You have to have more people talking about your brand than everyone else who’s trying to rank for the same keywords you’re targeting. The reality is is that takes time. You need:
- people talking about you in the news
- your industry talking about you
- partners talking about you
You need all these people talking about you. When I say “talking about you,” I mean linking to you. In other words, you need to build your brand. It’s very difficult to rank without a brand. Furthermore, you need exceptional design. You need great content. You need all these things.
If you’re a publicly-traded company, a large, midmarket player, or you’re even an established small business — and you’ve already established a brand, have people talking about you, and have good content — then hiring the right SEO agency to come in and make the right recommendations and make the right changes can get results oftentimes even faster than PPC in the sense that they can take you from 5th to 3rd or from 3rd to 1. The massive amount of clickthrough rates you get from going to the 3rd position to the 1st can do exponentially more from a cost per opportunity standpoint than PPC could in the first 3 months.
It took us 4 years to rank number 1 for SEO agency. But was it worth it? Yes.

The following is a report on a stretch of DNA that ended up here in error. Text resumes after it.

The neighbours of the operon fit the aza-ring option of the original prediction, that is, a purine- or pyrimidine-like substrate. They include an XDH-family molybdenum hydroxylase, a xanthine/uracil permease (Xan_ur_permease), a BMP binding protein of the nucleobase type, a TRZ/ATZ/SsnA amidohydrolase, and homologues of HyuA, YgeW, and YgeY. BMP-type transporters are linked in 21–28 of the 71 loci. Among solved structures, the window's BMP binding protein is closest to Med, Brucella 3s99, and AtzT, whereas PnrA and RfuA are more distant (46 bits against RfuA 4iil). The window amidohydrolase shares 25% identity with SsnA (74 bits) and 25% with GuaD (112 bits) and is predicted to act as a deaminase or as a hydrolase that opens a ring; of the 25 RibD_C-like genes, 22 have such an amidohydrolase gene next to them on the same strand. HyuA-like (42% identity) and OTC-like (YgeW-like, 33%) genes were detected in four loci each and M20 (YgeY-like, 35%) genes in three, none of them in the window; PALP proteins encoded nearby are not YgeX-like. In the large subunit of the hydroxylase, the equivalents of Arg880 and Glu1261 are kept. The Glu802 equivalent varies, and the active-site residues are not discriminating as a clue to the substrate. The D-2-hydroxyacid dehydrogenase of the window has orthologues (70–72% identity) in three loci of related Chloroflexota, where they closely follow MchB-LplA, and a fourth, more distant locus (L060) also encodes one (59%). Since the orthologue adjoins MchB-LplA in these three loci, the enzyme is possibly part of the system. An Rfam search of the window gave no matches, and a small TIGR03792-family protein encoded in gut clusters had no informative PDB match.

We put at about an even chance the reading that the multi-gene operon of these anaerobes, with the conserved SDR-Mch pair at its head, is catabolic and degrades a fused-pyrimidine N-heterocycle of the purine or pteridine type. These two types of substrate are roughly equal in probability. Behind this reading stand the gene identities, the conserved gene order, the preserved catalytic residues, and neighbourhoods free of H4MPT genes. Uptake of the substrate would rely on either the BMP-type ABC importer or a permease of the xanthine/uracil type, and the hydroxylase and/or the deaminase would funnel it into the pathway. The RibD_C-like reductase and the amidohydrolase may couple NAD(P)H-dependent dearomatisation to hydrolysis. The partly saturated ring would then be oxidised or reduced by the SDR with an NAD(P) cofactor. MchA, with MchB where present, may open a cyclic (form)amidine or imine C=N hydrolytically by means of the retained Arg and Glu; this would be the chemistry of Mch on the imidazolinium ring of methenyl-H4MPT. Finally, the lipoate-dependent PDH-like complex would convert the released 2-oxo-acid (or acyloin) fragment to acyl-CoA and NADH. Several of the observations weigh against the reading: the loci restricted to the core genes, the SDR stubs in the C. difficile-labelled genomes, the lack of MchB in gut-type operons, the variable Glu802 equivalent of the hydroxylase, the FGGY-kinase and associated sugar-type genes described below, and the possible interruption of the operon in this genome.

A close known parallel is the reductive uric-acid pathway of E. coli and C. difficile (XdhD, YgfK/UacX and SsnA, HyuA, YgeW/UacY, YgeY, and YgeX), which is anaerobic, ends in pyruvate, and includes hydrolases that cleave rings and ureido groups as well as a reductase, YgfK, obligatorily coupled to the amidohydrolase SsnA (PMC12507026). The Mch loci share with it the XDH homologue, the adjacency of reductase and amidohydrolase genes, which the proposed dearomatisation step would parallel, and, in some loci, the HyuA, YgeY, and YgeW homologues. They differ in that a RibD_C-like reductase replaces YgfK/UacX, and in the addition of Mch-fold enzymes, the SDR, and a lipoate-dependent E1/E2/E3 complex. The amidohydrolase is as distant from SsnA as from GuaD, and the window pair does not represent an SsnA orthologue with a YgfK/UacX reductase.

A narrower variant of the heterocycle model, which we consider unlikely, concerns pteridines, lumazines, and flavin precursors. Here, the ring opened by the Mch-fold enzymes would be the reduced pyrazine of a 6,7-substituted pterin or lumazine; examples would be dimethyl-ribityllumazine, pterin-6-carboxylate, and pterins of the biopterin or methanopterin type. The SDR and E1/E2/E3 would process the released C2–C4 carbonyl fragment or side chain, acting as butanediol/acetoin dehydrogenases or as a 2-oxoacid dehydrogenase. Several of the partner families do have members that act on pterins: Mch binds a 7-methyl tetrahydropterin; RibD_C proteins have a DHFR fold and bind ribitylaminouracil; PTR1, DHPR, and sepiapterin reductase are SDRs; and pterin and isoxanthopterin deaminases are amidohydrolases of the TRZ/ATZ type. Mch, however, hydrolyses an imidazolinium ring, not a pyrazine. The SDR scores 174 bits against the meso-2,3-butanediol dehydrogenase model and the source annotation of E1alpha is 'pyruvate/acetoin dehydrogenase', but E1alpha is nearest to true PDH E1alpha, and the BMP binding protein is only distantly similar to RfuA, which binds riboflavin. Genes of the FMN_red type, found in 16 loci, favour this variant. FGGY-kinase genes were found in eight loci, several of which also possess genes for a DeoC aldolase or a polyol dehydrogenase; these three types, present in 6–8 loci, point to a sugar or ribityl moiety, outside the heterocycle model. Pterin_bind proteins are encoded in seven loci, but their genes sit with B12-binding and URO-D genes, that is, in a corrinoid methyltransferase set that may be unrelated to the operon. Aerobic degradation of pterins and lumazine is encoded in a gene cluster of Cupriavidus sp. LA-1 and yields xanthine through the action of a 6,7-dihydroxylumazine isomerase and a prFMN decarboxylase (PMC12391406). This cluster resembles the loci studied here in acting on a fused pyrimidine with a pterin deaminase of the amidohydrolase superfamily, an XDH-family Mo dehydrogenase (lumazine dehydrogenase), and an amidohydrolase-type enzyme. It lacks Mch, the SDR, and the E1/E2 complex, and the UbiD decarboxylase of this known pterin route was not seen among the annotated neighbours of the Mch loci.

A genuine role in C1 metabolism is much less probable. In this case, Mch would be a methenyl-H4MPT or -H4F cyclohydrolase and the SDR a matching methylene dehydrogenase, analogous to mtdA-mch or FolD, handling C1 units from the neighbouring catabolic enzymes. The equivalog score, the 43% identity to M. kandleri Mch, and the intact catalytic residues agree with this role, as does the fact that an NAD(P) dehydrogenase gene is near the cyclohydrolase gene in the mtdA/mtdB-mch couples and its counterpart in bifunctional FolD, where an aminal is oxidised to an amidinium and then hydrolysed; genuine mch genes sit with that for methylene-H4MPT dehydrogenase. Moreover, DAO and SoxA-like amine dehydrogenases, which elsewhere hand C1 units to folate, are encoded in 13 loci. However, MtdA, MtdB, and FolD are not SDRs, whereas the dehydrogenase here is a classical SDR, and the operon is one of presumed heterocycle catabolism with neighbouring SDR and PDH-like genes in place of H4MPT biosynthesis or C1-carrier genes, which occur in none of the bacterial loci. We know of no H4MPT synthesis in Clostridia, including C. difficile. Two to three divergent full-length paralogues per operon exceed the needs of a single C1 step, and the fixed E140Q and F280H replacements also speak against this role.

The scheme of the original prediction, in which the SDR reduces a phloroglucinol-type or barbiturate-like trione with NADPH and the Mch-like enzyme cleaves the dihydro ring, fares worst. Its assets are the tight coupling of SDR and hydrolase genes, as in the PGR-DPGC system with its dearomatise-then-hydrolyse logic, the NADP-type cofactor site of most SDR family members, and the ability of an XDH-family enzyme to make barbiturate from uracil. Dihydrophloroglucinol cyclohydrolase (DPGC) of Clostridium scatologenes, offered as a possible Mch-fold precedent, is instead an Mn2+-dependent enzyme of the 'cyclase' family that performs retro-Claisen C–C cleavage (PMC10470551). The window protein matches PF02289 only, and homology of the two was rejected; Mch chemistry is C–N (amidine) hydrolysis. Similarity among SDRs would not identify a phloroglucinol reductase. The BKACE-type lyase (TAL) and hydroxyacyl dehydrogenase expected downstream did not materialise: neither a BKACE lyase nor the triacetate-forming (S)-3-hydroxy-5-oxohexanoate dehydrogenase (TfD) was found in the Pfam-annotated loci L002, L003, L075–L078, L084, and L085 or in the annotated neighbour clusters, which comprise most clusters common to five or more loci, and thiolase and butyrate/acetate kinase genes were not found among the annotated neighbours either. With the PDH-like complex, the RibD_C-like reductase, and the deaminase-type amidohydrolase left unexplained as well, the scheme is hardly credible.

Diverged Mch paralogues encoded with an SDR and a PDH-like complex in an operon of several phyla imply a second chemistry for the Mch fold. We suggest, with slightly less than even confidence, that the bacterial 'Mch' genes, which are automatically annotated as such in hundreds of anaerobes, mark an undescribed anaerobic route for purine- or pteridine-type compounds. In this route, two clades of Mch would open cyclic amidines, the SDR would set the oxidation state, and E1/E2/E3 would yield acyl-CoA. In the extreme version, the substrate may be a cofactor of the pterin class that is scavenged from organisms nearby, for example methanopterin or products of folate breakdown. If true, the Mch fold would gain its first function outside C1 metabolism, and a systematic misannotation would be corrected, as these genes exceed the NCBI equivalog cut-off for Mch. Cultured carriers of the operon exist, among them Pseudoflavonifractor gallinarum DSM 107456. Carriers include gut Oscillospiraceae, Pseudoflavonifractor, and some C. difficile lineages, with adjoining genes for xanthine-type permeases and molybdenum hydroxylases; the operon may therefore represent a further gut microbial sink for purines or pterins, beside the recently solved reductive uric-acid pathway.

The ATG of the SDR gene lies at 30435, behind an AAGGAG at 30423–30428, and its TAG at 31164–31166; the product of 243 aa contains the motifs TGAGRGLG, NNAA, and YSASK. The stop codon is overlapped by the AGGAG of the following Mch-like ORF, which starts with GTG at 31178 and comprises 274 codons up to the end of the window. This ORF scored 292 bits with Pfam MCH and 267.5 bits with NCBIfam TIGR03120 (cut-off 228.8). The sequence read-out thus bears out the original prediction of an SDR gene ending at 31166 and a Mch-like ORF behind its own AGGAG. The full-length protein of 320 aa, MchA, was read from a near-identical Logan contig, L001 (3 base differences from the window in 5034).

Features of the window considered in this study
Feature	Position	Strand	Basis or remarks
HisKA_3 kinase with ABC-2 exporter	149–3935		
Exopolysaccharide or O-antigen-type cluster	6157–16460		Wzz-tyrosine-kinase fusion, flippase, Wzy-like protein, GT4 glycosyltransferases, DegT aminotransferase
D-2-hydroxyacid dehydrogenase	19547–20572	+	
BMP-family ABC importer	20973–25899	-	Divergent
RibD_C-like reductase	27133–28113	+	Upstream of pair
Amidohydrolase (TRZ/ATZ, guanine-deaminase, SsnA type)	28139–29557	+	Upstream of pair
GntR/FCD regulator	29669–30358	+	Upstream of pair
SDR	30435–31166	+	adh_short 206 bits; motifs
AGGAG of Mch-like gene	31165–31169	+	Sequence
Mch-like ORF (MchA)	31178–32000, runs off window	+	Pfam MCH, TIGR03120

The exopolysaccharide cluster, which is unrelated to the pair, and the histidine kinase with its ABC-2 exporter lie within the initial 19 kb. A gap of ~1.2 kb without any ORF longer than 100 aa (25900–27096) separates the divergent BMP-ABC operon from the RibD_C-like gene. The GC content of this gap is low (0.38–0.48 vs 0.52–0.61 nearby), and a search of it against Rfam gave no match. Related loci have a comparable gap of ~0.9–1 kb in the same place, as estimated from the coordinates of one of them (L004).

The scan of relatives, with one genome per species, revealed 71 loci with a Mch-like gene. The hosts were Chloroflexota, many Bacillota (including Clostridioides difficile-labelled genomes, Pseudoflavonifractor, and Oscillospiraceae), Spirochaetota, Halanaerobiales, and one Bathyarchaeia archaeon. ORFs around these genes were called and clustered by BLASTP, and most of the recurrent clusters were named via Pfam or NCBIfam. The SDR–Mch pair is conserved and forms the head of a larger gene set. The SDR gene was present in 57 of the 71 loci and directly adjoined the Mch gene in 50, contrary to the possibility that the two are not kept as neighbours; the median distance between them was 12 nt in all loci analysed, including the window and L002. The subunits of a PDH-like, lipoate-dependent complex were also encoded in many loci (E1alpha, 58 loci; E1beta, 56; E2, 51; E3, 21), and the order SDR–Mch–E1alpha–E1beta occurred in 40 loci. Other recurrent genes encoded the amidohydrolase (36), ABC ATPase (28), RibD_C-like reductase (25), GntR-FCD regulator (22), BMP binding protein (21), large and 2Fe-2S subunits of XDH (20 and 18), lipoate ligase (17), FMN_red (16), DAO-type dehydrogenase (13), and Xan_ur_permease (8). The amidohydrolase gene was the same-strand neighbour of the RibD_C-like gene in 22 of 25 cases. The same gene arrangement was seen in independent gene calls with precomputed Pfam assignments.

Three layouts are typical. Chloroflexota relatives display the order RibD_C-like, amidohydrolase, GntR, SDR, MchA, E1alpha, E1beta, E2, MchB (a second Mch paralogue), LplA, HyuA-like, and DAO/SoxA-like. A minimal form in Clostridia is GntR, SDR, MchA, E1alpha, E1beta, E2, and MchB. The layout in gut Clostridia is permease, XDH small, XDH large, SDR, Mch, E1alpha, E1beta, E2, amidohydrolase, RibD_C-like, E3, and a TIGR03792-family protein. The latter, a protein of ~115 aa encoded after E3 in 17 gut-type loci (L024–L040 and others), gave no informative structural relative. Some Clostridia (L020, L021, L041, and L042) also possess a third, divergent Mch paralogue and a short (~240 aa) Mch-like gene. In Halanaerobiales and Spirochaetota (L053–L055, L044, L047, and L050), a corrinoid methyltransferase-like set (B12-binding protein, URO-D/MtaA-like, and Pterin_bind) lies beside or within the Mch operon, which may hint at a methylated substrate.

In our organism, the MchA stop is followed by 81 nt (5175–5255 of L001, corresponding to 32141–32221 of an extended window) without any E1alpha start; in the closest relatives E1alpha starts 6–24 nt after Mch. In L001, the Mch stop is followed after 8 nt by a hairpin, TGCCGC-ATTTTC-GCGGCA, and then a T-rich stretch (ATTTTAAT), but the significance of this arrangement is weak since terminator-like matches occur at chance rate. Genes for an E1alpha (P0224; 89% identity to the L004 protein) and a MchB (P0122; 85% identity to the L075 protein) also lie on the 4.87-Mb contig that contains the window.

Every time we rank, every one of those clicks that turns into an opportunity is all hitting against the initial sunk cost that we invested in the SEO. That sunk cost is our time. It’s paying writers, it’s earning links, it’s doing outreach. All of those things are still costs. It’s not like SEO is free while paid costs money. The difference is paid search, you’re paying an agency fee or just Google, directly. SEO, you’re still paying an agency fee, paying writers, designers, and developers. There are still all these other costs associated with it.
SEO with PPC > SEO vs PPC
When you put those two together, now, that’s when you get something powerful. It shouldn’t be SEO versus PPC. It should be SEO with PPC.
If you can take your paid search, go into your search terms report, and find all the keywords that are generating the most opportunity, deals and revenue for your business, or turning into the most conversions, then you can take that exact data from the search term report, give that to your SEO team, and say, “We notice that people searching X convert far more than people searching Y, let’s change our title tags under each one.”
I would say if you’re trying to decide what to do first, here’s a great way to look at it.
This is What You Should Do First
First, you’re going to want to evaluate your overall budget. Do you have money to pay Google and an agency?
Remember, if you’re only paying Google $3000 to $5000 a month and then you want to pay an agency 15% to 10% to 30% of your ad spend, you’re getting $1000, $15000 a month, and then that agency probably wants to bill at what, $250 an hour, so you’re getting 4 hours a month of someone’s time, you’re probably not going to get the results, right?
There’s nothing worse, in my opinion than underpaying an agency because now you don’t know if AdWords doesn’t work or if you just hired the wrong vendor. That is not a position of power.
Does my budget fit better for SEO or PPC?
In my opinion, if you’re in-house, you want to hire the best agency you can. Even if you have a small budget, I would still pay an agency $3000 and have a $3000 Google budget instead of trying to pay Google $5000 and then the agency $1000. You first need to learn which terms are driving revenue profitably and an agency giving you 4 to 10 hours a month can’t do that.